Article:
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I just received this from my Grandfather. He served in the Pacific in WWII. I was wondering if someone could translate it for me. There are 2 sides to translate. Could you tell me if one side is the front or back or does it matter? I scanned the tag in and inverted the color....that seems to help.

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First side, line on the left reads "Number 136" which is apparently the soldier/officer's personal ID number. The Japanese Ministry of Health, Labour and Welfare have a list of numbers of individual soldiers. Second line (first symbol unk. at this time) reads 3133 which is a Code number for the unit the soldier belonged to. This info is in the same format as my Japanese dog tag that I found on a skeleton on Peleliu and had it translated by a Japanese interpretor. This seems like an unusual identity disc. Mine is made of brass. Do you know where your grandfather found the tag? What unit did he serve in (I assume he was in the military?).

-Eric
 

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This dog tag is brass too. My grandfather was actually in the navy. He was on the USS Warren, an attack transport. My Grandfather drove the Higgins boat (the troop transport). He dropped Marines off at the beaches of Kwajalein, Cape Gloucester, Guam and Peleliu. I do believe it was Peleliu where his Higgins was hit by a mortar and sunk. He was picked up by another Higgins going to the beach and landed on the shores with the Marines. Once on shore they made him a Marine and he fought with the guys until such time when he could get back to the ship. This is the only place I know where he actually touched the beach. He may have gotten it there...the odds are good. Or he could have won it in a card game on the ship...he did love cards :)

If you know anything more about this tag please let me know.

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This tag is actually quite interesting in that each side describes a different ID, without cancelling one of the two. I have yet to find a reference that can decipher the ID on dog tags, but the first photo side seems to be soldier #136 attached to some kind of mobile (auto ?) duty. Other side is soldier #72 from some unit I cannot decipher. It might be the same soldier was transferred from one unit to the other, but very unusual since the goal of IDing a dead soldier would be a bit more difficult if he also has an old unit number intact on his tag, instead of just having it crossed out.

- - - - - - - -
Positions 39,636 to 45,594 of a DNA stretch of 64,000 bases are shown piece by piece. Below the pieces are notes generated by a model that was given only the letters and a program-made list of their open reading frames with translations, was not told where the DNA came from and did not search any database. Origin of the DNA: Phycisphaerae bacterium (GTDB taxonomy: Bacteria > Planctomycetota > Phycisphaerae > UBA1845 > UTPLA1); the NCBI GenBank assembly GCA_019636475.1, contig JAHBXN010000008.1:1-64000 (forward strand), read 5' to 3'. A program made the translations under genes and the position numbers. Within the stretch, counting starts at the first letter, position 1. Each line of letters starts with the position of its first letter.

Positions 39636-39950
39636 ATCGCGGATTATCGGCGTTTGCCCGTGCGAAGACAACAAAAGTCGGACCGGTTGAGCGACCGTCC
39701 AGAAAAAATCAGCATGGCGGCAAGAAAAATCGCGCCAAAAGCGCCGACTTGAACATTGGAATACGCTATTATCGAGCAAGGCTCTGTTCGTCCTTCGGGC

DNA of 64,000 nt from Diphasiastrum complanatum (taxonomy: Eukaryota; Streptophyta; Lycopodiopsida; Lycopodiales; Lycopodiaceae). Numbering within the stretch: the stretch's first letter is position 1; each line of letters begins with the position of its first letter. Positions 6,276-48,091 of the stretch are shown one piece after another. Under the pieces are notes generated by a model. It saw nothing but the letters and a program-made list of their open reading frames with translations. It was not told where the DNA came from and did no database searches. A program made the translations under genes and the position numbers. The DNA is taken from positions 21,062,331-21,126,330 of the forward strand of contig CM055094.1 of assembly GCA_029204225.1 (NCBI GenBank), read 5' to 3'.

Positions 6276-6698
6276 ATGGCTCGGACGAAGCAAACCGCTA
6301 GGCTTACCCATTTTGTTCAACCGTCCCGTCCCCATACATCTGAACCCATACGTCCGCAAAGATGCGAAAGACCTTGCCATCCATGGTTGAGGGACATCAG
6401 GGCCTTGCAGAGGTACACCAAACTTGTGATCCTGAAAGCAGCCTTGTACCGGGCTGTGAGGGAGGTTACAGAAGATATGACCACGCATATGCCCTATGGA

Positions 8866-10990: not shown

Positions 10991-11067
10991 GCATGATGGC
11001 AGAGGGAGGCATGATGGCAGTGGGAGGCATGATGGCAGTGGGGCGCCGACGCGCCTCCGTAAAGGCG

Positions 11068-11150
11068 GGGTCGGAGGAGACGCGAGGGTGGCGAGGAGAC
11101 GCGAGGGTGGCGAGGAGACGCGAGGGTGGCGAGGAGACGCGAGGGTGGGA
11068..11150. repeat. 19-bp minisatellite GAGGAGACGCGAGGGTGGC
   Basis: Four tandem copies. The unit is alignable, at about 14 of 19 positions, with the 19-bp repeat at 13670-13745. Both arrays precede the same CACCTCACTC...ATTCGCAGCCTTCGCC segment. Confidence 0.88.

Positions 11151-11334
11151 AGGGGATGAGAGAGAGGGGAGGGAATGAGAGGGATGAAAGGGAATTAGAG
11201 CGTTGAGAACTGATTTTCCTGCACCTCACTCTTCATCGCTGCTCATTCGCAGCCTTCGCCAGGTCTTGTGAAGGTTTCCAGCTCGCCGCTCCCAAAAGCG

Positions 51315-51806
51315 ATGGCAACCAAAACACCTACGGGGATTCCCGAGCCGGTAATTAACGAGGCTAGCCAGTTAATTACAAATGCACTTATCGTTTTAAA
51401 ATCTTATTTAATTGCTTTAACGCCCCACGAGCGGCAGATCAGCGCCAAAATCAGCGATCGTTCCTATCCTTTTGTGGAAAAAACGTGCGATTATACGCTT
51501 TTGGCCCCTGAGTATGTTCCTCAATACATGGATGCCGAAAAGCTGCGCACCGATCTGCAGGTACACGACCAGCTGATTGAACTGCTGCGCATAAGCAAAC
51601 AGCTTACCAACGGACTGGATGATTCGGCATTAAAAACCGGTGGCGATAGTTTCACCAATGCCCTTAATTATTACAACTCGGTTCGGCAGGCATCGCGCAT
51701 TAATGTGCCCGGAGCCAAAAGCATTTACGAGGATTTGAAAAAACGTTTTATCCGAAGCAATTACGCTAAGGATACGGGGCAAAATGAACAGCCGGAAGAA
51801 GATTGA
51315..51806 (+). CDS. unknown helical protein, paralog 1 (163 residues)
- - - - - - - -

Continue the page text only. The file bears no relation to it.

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Now that you mention it...The second side (second picture) Has vertical scratches running through it. You can just make them out at the top of the picture, but in real life, they are very vivid. I would assume that the second picture is the side that was canceled like you thought.

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Small World

This dog tag is brass too. My grandfather was actually in the navy. He was on the USS Warren, an attack transport. My Grandfather drove the Higgins boat (the troop transport). He dropped Marines off at the beaches of Kwajalein, Cape Gloucester, Guam and Peleliu. I do believe it was Peleliu where his Higgins was hit by a mortar and sunk. He was picked up by another Higgins going to the beach and landed on the shores with the Marines. Once on shore they made him a Marine and he fought with the guys until such time when he could get back to the ship. This is the only place I know where he actually touched the beach. He may have gotten it there...the odds are good. Or he could have won it in a card game on the ship...he did love cards :)

If you know anything more about this tag please let me know.

Thanks.
I have an M-1 carbine that I bought from a former LtJG. on the Warren (APA-53)! His roomate was one of the beachmasters on Peleliu and picked it up ashore when he was forced to help defend the beach! The beachmaster was transferred shortly after Guam and left the carbine in his locker for the guy I bought it from! I met him last year in a local retirement home after buying the carbine from his son. Here is a link to more information about this great ship and her crew!

http://ftp.metalab.unc.edu/hyperwar/USN/ships/dafs/APA/apa53.html
 
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